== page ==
About this blog

"In the course of history, there comes a time when humanity is called to shift to a new level of consciousness, to reach a higher moral ground. A time when we have to shed our fear and give hope to each other. That time is now." - Wangari Maathai, Kenyan environmental activist, 2004 Nobel Prize winner

With this blog, I set out to tell the stories of environmental hope. These stories are my response to what I perceive as environmentalism's publicity problem.

The “problem” I am referring to is the doom and gloom that pervades the language of environmentalism. People don’t like doom and gloom. It’s scary and turns them off. It is also one reason environmentalists aren’t quite reaching as diverse and broad an audience as they would like.

I don’t mean to imply environmentalists should push the doom and gloom under a rug to be ignored. It is real, and humanity must come to terms with and address it at a much quicker pace than it does currently. But, if environmentalists want to engage a wider audience in their call to action, alternative approaches must be taken and different stories need to be told.

I admit that I consider myself an “environmentalist,” if I am to pick my own label (though I am somewhat ambivalent about the term). So I too am guilty of getting caught up in the doom and gloom rhetoric.

And I don’t claim to be the first to notice “my people’s” handicap, nor am I the first to call for a change in how we frame our messages. I am certainly among a growing number of people—those who identify as environmentalists and those who don’t—to complain or worry about the negativity plaguing environmental discourse.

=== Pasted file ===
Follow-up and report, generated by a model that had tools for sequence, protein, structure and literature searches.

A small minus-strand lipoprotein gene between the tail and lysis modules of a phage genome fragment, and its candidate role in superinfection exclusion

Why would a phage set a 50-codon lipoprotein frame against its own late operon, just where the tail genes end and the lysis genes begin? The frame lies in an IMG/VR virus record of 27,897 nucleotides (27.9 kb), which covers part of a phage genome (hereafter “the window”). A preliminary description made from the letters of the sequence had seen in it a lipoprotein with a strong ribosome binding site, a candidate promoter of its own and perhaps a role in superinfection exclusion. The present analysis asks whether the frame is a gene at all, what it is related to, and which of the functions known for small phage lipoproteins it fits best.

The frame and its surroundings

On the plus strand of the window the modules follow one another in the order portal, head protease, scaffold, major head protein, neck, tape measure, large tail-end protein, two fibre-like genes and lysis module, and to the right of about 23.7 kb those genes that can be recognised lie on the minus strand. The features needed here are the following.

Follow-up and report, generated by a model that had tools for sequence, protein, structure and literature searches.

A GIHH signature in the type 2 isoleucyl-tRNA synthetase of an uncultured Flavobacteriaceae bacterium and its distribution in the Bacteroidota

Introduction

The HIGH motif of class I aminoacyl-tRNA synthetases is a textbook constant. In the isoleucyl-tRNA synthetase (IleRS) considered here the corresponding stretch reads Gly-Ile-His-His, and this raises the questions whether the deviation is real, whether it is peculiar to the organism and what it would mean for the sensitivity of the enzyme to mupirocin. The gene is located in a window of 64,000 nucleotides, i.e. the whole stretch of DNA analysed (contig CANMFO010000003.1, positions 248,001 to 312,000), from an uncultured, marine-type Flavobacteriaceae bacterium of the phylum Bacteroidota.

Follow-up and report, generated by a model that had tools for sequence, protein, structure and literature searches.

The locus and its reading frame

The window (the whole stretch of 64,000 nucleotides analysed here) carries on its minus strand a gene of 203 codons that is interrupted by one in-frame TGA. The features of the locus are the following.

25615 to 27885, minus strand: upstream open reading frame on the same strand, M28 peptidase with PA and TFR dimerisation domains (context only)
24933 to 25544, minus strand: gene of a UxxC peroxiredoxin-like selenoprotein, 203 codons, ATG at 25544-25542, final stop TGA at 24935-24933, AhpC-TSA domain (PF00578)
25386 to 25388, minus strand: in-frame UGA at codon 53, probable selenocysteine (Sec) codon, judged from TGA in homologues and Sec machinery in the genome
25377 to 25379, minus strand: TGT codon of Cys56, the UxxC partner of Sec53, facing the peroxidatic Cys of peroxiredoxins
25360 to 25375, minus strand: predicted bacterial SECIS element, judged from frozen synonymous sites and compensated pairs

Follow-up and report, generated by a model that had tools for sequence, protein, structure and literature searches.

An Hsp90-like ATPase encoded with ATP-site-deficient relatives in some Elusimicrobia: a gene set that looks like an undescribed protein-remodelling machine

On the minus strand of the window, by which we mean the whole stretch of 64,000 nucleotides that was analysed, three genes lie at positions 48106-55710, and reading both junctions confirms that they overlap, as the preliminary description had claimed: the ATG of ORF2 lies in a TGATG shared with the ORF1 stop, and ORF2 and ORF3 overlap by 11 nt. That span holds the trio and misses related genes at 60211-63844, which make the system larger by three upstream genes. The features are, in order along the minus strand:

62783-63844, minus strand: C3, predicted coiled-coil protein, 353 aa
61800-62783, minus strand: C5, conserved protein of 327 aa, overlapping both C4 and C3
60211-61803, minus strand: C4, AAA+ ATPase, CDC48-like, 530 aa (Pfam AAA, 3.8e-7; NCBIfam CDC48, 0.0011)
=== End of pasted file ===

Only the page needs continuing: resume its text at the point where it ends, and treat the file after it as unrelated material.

Perhaps it is contradictory to describe a blog about hope by stating a problem. But doesn’t hope sometimes begin with a problem—a problem we want to and think we can fix? Collectively, we can’t ignore the drivers of the doom and gloom, but we can prevent paralyzing ourselves with fear or complacency. Hope provides the inspiration we need to find effective solutions to stave off the doom and gloom, so that we may weaken or prevent the seemingly overwhelming ecological predicaments of the present and future.

What do I mean by stories of hope?

First, I seek out stories of individuals, organizations, and communities that are undertaking innovative and successful efforts to address environmental problems and concerns. While perhaps not conveyed in the mainstream media, I think these stories are nonetheless worth telling for their inspiration potential.

Second, I explore new and existing-but-unconventional ways of viewing our relationship with the environment, which could facilitate a positive shift in consciousness. These ideas may challenge existing paradigms that I perceive as preventing a real transformation in how we view and undertake our roles in caring for the earth. My hope is they will broaden readers’ thinking and potentially create pathways to connect with diverse audiences.

By strengthening the presence of these stories in everyday discourse, our collective narrative could become one of inspiration and empowerment. My overarching dream is that everyone becomes and remains engaged in our shared responsibility to care for our home in the universe.

There is hope on this earth, and I want to believe there is hope for life on this earth.